Singaporean millennials are taking “Ok Boomer” to the next level by role-playing baby boomers through satire, mimicking everything from their internet slang, blurry selfies, and common spelling errors.
The fun is happening in a private Facebook group called A group we all pretend to be KIASU boomers that was created Sunday and has since drawn 2,000 members, mostly mocking their middle-aged parents and colleagues along with their concerns about everything apparently going wrong with kids today, including being influenced by the LGBT community.
“Hello every1.. Pls advise found tis on my ah girl’s (daughter) fone .. veri disapointed first is a GAY now is the INCENSE (incest). What is our youngster doing now a this days pls pray and advise … tks n rgds,” wrote a Sheryl Tan.
Everyone posting in the group is in some sort of a boomer persona and the only time they’re posting as themselves is when they type “OOC” for “out of character” at the start of their captions.
“OOC: So I have been shitposting for the past few days as the persona of a 63 yo gay male whom Jake Tan lovingly named Kelvin,” Chuanwei Foo wrote today. Tan is a group administrator.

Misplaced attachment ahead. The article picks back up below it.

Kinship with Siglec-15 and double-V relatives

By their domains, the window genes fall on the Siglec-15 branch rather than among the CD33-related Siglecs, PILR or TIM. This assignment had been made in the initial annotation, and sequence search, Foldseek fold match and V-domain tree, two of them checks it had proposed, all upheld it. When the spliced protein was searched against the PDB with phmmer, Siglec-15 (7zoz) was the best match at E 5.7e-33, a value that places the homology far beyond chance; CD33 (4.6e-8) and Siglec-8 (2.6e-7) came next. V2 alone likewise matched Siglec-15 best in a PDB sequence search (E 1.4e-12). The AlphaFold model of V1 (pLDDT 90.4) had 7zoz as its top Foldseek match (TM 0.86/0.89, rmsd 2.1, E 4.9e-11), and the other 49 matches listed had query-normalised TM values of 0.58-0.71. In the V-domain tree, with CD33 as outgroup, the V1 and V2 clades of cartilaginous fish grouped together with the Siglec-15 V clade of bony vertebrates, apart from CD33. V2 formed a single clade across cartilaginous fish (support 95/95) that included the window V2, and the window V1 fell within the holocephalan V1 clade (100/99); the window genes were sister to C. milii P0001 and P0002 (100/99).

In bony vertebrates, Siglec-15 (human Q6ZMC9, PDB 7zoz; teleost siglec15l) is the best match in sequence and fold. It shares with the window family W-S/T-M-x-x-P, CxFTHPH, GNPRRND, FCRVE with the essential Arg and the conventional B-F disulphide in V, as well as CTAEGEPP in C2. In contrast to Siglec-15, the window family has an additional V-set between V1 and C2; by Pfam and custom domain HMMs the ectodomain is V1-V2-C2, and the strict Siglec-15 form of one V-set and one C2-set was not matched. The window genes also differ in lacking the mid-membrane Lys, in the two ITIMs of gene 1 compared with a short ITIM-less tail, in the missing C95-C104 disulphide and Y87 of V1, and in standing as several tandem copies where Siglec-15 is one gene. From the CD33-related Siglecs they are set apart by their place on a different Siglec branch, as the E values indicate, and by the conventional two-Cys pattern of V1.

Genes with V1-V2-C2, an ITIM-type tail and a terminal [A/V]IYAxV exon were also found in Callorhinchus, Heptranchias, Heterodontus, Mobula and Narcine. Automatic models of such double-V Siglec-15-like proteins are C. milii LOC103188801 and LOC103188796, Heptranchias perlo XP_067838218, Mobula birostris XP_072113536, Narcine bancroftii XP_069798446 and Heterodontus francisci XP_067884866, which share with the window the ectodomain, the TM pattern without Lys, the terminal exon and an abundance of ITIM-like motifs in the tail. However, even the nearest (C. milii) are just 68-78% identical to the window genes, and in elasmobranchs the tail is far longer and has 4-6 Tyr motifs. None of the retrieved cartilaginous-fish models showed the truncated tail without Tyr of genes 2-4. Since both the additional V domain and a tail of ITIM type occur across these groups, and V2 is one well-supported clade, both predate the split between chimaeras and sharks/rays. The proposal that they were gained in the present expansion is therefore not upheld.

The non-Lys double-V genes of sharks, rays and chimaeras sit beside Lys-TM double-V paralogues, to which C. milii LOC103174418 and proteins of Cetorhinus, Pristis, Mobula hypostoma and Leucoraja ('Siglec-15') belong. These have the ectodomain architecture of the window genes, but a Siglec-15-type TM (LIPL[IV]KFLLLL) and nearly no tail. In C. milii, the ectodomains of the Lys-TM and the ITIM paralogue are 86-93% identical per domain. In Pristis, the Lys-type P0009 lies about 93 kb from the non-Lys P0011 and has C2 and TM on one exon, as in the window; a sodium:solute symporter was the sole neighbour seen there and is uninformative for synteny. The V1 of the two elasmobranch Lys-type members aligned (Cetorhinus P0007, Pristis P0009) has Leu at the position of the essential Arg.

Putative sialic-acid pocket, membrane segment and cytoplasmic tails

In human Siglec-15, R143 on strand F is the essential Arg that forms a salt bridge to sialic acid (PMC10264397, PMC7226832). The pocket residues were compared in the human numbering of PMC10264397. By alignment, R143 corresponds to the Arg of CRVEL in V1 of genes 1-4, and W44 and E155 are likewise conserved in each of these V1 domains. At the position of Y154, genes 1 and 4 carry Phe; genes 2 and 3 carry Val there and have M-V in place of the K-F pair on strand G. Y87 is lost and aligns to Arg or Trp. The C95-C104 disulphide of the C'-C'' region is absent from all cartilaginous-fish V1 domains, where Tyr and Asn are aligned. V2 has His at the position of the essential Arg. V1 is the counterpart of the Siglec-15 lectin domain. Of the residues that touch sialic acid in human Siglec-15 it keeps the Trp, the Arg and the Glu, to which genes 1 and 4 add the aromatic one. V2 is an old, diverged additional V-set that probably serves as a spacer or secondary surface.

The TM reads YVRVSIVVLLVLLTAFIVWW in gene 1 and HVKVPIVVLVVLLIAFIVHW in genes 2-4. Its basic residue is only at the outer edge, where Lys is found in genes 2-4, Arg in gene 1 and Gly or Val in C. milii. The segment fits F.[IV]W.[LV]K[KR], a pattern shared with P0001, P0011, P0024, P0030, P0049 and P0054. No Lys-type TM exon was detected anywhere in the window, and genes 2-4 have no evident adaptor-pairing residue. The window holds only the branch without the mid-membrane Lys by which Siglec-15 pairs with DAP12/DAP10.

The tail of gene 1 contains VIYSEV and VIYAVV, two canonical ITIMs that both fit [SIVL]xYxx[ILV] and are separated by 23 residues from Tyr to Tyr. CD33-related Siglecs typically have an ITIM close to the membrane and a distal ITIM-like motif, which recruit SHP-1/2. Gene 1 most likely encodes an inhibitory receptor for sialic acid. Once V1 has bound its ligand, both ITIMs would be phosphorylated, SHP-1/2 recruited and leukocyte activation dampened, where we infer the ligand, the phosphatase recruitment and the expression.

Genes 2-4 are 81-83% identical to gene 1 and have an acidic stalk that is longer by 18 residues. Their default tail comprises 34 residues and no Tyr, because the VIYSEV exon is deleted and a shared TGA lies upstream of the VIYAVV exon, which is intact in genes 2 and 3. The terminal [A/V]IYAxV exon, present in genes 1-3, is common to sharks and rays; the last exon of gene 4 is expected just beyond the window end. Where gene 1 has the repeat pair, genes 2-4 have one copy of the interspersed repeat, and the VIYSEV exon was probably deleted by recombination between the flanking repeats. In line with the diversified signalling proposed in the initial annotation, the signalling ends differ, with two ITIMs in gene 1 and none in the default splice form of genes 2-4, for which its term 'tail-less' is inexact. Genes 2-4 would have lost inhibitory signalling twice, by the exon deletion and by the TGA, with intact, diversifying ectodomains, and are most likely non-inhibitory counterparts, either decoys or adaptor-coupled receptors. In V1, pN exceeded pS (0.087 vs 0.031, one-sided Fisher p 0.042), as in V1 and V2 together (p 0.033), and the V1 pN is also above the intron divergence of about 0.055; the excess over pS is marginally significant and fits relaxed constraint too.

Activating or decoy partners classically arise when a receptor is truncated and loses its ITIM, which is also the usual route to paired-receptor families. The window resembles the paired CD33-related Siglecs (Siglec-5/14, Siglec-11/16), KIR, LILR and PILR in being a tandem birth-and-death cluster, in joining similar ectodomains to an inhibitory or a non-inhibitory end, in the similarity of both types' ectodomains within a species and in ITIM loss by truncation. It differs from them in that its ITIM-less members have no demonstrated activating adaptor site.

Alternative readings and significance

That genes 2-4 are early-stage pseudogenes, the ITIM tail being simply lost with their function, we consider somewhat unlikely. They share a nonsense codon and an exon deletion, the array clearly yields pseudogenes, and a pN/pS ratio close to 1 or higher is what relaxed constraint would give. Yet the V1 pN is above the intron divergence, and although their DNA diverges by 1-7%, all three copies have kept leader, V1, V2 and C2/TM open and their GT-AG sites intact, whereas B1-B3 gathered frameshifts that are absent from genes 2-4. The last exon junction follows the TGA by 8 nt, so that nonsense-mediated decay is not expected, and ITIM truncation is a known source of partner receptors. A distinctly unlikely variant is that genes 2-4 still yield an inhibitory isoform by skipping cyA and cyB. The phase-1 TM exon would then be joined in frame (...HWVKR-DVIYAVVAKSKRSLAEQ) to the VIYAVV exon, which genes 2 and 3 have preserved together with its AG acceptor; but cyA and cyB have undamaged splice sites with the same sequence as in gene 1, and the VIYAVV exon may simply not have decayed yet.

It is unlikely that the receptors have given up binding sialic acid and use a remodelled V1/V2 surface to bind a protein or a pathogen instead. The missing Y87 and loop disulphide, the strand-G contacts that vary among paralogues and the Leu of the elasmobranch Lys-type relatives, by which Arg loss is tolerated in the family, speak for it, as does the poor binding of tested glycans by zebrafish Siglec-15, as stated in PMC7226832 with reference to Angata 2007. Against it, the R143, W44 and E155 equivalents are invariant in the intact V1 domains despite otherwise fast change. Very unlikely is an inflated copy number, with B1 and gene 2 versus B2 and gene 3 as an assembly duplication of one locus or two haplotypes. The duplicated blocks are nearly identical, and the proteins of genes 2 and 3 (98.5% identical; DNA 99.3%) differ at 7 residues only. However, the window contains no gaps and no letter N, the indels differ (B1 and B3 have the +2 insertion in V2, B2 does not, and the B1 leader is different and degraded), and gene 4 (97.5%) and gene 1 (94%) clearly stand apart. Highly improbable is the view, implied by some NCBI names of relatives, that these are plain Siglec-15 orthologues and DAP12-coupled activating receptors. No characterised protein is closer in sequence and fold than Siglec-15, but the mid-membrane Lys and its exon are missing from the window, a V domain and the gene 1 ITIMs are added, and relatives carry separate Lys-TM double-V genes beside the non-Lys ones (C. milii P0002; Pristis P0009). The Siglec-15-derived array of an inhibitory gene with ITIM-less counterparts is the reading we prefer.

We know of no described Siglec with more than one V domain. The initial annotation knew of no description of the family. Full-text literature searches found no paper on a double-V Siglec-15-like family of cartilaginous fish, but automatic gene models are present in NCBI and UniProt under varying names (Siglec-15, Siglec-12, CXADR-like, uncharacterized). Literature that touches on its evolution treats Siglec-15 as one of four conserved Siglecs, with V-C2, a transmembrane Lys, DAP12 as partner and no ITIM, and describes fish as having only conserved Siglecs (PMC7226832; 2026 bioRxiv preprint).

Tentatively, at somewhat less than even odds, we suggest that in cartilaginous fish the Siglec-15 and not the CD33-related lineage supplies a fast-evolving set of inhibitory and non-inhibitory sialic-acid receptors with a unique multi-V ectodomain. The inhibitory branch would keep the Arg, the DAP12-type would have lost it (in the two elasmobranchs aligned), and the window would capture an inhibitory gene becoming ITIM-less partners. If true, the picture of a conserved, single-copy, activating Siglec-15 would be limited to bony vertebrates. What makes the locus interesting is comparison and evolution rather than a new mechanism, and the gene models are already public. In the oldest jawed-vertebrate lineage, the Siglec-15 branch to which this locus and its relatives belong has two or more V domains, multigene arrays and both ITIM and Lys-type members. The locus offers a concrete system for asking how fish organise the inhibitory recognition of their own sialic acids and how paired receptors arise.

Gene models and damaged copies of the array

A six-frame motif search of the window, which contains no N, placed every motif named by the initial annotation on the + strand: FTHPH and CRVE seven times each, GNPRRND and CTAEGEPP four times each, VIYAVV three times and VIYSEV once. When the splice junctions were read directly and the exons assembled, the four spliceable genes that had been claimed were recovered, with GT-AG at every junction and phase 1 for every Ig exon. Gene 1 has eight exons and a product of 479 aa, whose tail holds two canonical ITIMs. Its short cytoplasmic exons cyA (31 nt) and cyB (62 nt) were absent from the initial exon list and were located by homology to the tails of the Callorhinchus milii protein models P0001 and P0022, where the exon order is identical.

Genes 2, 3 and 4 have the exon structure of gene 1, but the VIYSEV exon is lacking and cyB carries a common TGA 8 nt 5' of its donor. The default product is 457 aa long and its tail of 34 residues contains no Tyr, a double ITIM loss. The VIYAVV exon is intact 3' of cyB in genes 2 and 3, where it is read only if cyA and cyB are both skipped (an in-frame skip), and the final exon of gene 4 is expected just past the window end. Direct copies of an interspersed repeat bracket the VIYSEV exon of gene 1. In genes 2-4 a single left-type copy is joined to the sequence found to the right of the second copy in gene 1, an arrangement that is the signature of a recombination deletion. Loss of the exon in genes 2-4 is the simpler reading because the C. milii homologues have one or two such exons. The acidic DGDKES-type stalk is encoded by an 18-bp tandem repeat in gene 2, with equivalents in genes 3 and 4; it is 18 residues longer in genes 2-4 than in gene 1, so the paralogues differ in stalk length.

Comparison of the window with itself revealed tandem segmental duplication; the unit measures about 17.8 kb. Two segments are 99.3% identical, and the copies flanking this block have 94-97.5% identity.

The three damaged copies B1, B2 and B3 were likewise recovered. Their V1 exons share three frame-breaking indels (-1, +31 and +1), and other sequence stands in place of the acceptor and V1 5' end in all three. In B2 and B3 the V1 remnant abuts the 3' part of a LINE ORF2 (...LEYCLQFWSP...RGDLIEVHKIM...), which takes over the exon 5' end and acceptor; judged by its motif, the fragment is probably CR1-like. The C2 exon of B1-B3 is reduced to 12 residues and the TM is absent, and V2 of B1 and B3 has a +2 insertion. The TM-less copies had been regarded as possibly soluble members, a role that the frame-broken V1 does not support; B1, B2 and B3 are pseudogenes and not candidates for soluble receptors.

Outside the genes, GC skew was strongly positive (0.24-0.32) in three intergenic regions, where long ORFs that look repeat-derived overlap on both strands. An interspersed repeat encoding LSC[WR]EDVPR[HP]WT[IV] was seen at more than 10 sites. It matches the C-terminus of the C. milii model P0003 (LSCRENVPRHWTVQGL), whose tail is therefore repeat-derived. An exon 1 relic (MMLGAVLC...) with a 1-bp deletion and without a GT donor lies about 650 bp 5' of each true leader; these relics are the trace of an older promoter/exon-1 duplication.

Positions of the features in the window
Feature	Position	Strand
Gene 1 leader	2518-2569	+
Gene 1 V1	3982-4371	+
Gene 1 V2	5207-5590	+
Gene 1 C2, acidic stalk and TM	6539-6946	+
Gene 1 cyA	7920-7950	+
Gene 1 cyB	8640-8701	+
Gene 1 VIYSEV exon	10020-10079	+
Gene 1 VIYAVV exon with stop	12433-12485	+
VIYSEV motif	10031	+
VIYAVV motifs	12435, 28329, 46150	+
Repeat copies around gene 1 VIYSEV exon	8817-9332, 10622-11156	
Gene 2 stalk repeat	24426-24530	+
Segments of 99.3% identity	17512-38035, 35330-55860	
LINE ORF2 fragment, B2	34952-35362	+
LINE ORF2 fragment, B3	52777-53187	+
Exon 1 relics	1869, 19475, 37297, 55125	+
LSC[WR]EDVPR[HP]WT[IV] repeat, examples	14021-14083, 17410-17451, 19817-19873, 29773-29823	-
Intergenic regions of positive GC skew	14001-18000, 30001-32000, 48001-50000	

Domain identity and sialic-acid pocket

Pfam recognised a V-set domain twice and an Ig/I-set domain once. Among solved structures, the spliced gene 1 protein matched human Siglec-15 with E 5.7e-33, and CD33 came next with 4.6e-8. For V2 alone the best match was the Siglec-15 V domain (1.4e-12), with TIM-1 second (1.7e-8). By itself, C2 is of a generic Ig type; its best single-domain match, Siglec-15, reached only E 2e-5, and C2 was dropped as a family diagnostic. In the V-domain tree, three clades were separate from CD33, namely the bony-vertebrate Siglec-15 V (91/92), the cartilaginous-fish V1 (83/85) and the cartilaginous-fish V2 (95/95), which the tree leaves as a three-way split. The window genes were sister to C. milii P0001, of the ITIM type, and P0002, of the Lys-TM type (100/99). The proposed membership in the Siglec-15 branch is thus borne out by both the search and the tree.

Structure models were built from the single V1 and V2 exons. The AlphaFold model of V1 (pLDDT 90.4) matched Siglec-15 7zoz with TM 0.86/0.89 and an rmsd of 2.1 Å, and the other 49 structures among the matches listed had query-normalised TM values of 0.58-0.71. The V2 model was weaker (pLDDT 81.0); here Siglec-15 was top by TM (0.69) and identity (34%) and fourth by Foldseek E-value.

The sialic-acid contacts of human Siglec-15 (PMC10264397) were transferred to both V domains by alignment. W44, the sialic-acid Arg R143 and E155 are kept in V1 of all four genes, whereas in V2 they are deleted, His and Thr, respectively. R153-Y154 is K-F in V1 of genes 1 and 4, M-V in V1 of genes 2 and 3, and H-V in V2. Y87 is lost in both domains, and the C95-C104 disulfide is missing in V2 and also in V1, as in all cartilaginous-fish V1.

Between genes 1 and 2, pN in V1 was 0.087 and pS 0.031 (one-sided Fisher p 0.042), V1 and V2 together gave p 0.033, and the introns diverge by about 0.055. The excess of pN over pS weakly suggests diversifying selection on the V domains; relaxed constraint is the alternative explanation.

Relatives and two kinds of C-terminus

“I have been trying to put myself in the shoes of my parents and boomer colleagues to draw inspiration on how they would react and post. Many of you, I am sure, draw inspiration from loved ones close to you or maybe from Tan Kin Lian,” he added. Tan Kin Lian is a former presidential candidate now famous for his internet antics.
Some of the common characteristics of Singaporean boomers online include them posting e-greetings, fake news, condemning the LGBT community, and asking for advice on random things like tech issues.
It is also common to see them typing a string of commas instead of an ellipsis, finishing their online captions and comments with “tks n rgds,” phrases like “god bless” and the popular “how can dis be allow?” — all of which millennials were mindful to add into their hilarious posts.
“Hello all need help,,, how can dis be allow….My son started watching anime and now he dressup like anime girl…. pls pray to God for help,” a Joshia Seam wrote.
Some of them have really aced their boomer-role-playing game that it’s hard to tell if they’re pretending at all.
“OOC: what if someone in here is actually a boomer pretending to be a millennial who is pretending to be a boomer?” member Wong Pinjia wrote.
In case you’re not up to speed, the “Ok Boomer” catchphrase went viral recently as an angry reaction to dismiss stereotypical attitudes held by members of the generation born in the post World War II era between 1946 and 1964.
Use of the phrase spiked after it was used in a viral video in response to an older man criticizing millennials and Generation Z as not wanting to “grow up.”
More news from the Little Red Dot at Coconuts.co/Singapore.
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